Regence and Seattle business leaders shine light on workplace mental health
Regence BlueShield partnered with the Puget Sound Business Journal (PSBJ) during Mental Health Awareness Month in May to sponsor a survey and panel discussion in Seattle about the urgent topic of employee burnout and workplace mental health.
The PSBJ and Regence garnered feedback from more than 100 survey respondents on how the pandemic has impacted workers’ mental health, how the workers are coping with mental health challenges, and what employers are doing to address the well-being of their employees.
Some of the key findings:
- Since the start of the pandemic, the number of Seattle workers who say they are frequently or constantly experiencing burnout has nearly tripled.
- Women in Seattle are more likely than men to report being burned out.
- Finding and keeping good employees has risen to the top of the list of concerns for Seattle employers, followed by the rising cost of doing business and attracting new customers.
- The pandemic has caused more companies to improve employee health benefits to meet the mental health needs of their employees. Three of 10 Seattle executives say their company has or is in the process of adding or expanding their health plan offerings.
These survey findings helped inform a panel discussion in Seattle this month that drew 130 people. On the panel were Jared Short, CEO of Regence Health Plans; Michelle McDaniel, CEO of Crisis Connections; Lou McDermott, Deputy Director of the Washington State Health Care Authority; and Ketul Patel, CEO of Virginia Mason Franciscan Health; with PSBJ Publisher Don Baker as moderator.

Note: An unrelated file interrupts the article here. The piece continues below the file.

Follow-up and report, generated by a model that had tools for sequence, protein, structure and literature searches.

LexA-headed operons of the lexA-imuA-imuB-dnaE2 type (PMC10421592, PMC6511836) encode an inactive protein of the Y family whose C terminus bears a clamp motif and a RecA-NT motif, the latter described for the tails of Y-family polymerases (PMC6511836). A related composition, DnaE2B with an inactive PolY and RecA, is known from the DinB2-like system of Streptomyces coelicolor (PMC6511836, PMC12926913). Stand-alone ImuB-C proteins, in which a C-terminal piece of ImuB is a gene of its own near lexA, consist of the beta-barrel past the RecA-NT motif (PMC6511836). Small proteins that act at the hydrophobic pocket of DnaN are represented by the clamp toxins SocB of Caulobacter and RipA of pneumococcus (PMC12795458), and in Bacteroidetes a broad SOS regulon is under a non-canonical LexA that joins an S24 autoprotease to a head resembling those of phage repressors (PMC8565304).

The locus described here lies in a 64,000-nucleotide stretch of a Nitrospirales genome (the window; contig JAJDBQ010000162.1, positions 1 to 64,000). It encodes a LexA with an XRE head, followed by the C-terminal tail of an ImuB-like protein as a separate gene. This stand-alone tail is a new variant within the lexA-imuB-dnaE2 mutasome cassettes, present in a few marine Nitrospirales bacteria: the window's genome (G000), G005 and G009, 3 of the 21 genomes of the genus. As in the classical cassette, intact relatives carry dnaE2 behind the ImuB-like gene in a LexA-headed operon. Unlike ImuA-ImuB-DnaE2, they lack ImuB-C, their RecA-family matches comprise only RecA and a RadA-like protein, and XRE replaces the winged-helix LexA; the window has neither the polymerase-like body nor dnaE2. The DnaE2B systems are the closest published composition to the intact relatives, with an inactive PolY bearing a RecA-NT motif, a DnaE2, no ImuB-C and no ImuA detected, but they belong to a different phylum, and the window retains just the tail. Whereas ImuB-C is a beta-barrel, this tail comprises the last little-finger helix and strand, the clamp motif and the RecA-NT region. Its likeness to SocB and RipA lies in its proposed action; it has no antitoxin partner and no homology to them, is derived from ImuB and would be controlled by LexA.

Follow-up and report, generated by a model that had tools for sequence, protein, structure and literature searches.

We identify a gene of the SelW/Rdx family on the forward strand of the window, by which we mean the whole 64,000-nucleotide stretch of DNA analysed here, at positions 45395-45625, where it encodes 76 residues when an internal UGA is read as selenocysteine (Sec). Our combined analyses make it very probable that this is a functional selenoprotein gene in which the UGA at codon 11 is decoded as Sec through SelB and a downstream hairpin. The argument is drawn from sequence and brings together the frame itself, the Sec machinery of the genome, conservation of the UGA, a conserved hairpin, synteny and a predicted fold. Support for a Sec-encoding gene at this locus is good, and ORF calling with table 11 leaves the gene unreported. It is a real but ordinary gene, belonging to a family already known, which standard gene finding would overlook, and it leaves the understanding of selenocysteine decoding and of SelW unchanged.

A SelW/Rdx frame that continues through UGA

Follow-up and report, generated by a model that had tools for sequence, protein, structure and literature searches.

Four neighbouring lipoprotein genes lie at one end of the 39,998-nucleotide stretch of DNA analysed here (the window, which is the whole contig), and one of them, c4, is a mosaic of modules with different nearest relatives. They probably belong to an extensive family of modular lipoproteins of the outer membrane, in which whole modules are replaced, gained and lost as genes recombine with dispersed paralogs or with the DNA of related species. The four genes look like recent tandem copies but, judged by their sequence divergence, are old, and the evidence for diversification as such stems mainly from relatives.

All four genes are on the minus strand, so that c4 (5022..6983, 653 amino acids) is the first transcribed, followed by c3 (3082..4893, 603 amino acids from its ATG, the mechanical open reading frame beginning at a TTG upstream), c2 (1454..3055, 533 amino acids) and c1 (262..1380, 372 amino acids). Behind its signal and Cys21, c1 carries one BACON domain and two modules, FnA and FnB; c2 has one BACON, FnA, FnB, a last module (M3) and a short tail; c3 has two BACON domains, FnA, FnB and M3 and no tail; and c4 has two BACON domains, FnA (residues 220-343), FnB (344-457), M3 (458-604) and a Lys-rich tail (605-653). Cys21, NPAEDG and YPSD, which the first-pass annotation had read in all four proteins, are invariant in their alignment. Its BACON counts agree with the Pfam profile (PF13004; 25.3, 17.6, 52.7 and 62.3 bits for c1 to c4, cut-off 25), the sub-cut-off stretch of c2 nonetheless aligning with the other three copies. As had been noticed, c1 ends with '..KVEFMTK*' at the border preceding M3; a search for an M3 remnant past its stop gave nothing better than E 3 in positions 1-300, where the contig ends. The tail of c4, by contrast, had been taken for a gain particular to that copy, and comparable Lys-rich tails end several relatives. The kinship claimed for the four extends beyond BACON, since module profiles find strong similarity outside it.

From the panelists
The panelists offered expertise on topics such as employee retention, communication, supporting diversity and inclusion, and best practices for leading an organization with compassion and purpose.
The pandemic has impacted and deepened the relationship between employees and employers, the panelists said.
“Any connection point right now with employees is vital,” Ketul Patel said. “The essentialness of employee communications is one of my biggest lessons of the past two years.”
“The leadership team (of organizations should) be transparent, accessible and also vulnerable,” Michelle McDaniel said. “That resonates with employees and it makes us human. We’re all working together on these solutions.”
Employers need to train their supervisors on how to recognize behavioral health needs among their employees, Lou McDermott said. If a supervisor sees an employee facing challenges, “You have to do something, you have to say something. You have to try to engage that conversation.”
Employees are more satisfied when they are aligned with the company culture, Jared Short said.
“If you are going to work really hard to attract and retain talent, then you have to help people connect to their work,” Jared Short said. “As employers, we have to think about who are we serving and what are we doing and why. And then over and over again, help people connect to it.”
Mental health resources
Whether you need occasional emotional support or ongoing mental health care, Regence has a variety of programs to prevent, identify and treat mental health and substance use disorders. Regence members who want to understand what is available under their health plan can sign in to their account on regence.com, or call us for help finding the right behavioral health resources.